- - Friday, May 31, 2013

When setting up Medicare as a parallel “earned-benefits” program to Social Security in 1965, Congress tacked onto the legislation — like an insurance rider — a secondary provision to help existing state programs provide medical assistance to a very small population: America’s most helpless and destitute.

Dubbed Medicaid, the intended backup plan has instead mushroomed into the most costly and cumbersome “means-tested” welfare program and single most important driver of state spending and federal deficits, representing more than 25 percent of all U.S. health care expenditures.

Why President Obama placed this hastily and poorly designed program at the centerpiece of Obama-care remains a mystery. While the president’s goal of securing coverage for millions of uninsured Americans is worthy, expanding a dysfunctional system that needed a large-scale overhaul 15 years ago actually sets back the cause of health care reform.

Apparently, the president no longer thinks that the private-sector economy can generate well-paying jobs with good benefits for all working-age Americans and their families. Instead, his blind faith in Medicaid to save the day channels the fantasies of anti-growth Malthusians who do not want America to remain an exceptional nation.


Unlike Medicare, which is limited in scope and funded by payroll taxes and premiums, Medicaid is a fiscal and bureaucratic train wreck. Judging from my experience managing the system in two states for nearly 15 years, I can attest that Medicaid is a monstrosity that has exploded beyond actual need, covering more Americans than Medicare, and even more Americans living above the poverty line than below it. Moreover, its expanding caseload gobbles nearly a quarter of state budgets — more than a third in Missouri and Pennsylvania — crimping investments in education, research and infrastructure.

The Medicaid maze, especially its most costly components that serve the severely disabled and the infirm elderly, requires states to navigate and monitor myriad federal “waivers” regarding service delivery. These thousands of rules, service definitions and conflicting regulations yield operational chaos, cost escalation and a preoccupation with formal compliance with Uncle Sam, not better health outcomes for recipients.

Nor is Medicaid transparent. Most states rely upon middlemen in the form of managed care organizations that negotiate rates with hospitals and providers, meaning different rate structures for identical procedures and favoring the costliest options and providers, such as nursing homes, when less expensive community- and home-based options would suffice. Even for routine outpatient procedures, the system favors high-priced providers when a lower-cost provider with a lesser morbidity rate is nearby.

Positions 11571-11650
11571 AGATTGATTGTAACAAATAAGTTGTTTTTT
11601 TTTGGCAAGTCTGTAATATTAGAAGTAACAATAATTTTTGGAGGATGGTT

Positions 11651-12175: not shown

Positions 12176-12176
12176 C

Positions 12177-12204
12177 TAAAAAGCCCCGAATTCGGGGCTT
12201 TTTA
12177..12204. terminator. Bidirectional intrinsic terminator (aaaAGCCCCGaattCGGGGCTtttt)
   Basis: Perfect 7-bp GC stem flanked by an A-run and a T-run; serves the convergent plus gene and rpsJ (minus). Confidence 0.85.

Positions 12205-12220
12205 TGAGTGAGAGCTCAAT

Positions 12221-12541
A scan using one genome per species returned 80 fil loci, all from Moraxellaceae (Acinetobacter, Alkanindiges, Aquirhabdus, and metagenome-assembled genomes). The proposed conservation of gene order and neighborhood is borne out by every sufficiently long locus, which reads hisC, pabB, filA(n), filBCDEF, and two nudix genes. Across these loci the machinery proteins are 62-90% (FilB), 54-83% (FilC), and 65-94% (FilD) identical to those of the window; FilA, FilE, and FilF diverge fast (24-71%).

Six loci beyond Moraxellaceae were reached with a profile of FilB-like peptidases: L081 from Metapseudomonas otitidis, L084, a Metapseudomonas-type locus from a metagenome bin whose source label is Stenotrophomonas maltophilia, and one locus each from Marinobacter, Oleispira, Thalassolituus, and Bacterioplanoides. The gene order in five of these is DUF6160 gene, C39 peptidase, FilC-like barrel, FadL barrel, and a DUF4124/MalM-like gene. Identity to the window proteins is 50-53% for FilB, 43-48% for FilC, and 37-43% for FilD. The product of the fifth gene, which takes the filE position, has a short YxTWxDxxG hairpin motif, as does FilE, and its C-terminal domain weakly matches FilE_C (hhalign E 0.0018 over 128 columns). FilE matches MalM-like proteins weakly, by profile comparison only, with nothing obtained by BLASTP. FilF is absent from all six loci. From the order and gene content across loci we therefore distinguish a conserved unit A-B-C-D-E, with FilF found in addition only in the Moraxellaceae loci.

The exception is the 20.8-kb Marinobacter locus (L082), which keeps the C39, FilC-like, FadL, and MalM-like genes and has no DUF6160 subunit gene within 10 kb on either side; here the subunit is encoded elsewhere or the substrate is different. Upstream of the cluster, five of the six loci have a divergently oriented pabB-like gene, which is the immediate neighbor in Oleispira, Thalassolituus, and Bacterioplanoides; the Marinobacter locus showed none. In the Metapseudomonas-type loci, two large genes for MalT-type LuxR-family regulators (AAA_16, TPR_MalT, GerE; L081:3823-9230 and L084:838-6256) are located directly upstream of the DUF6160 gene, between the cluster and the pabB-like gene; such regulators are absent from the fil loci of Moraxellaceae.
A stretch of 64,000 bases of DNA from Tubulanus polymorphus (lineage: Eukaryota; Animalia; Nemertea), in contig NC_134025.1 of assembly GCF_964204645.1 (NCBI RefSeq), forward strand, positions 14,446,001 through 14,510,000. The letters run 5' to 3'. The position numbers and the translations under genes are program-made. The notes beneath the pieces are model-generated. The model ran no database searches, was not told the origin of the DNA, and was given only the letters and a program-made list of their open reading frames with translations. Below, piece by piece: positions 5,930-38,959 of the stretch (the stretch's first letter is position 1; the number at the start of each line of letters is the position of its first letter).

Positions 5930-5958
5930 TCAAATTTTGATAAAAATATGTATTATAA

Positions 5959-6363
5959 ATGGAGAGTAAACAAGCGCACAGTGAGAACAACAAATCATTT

Had he invited governors to be stakeholders in developing his signature legislative achievement four years ago, Mr. Obama would understand why states have only reluctantly agreed to Medicaid expansion or are fighting it. Even now, the president should be looking for ways to work with, not demonize, innovative governors and grant them “global waivers” not only from Medicaid and Obamacare but also the entire welfare system. As the Good Book says, there is wisdom in a multitude of counselors.

For example, why did the president shut down the Healthy Indiana Plan, a Medicaid alternative that paired catastrophic insurance with a Personal Wellness and Responsibility health savings account for households with incomes up to 200 percent of the federal poverty level? Why not reverse that decision and allow the Hoosier State to expand this groundbreaking, cost-saving effort in lieu of expanding Medicaid?

Or why not give other states the same bargain that Rhode Island struck in 2009: a landmark redesign of its Medicaid program that exempted the state from federal micromanagement in exchange for a five-year spending cap that lowered projected Medicaid spending by billions of dollars? That culture-changing initiative transformed a sluggish bureaucracy into a performance-driven system that not only increased access and choice, but also improved care quality and outcomes — while saving taxpayers approximately $100 million.

The president should also encourage states to set up flexible and competitive welfare systems that incentivize middle-class norms, not greater dependency, so that more Americans can form stable families, join the workforce, and move up the economic ladder or, as the Medicaid law frames it, “achieve independence” and a chance at the American dream.

Without large-scale reforms, states will never get out from behind the fiscal eight ball or be able to repurpose funds for more popular uses — like infrastructure improvements, vocational training or tax relief to revitalize industry — that can enhance job prospects for all.

The president should recognize that there is more than one way to skin a cat, and that the top-down, one-size-fits-all bureaucratic model that the federal government has imposed upon the states since the advent of the Great Society, via Medicaid and now Obamacare, is unsustainable. To reboot his second term, Mr. Obama should take the bold step of reversing his wrong turn on the road to heath care reform and let the states function once again as the laboratories of democracy.

Gary D. Alexander served as the secretary for public welfare of the Commonwealth of Pennsylvania from 2011 to 2013.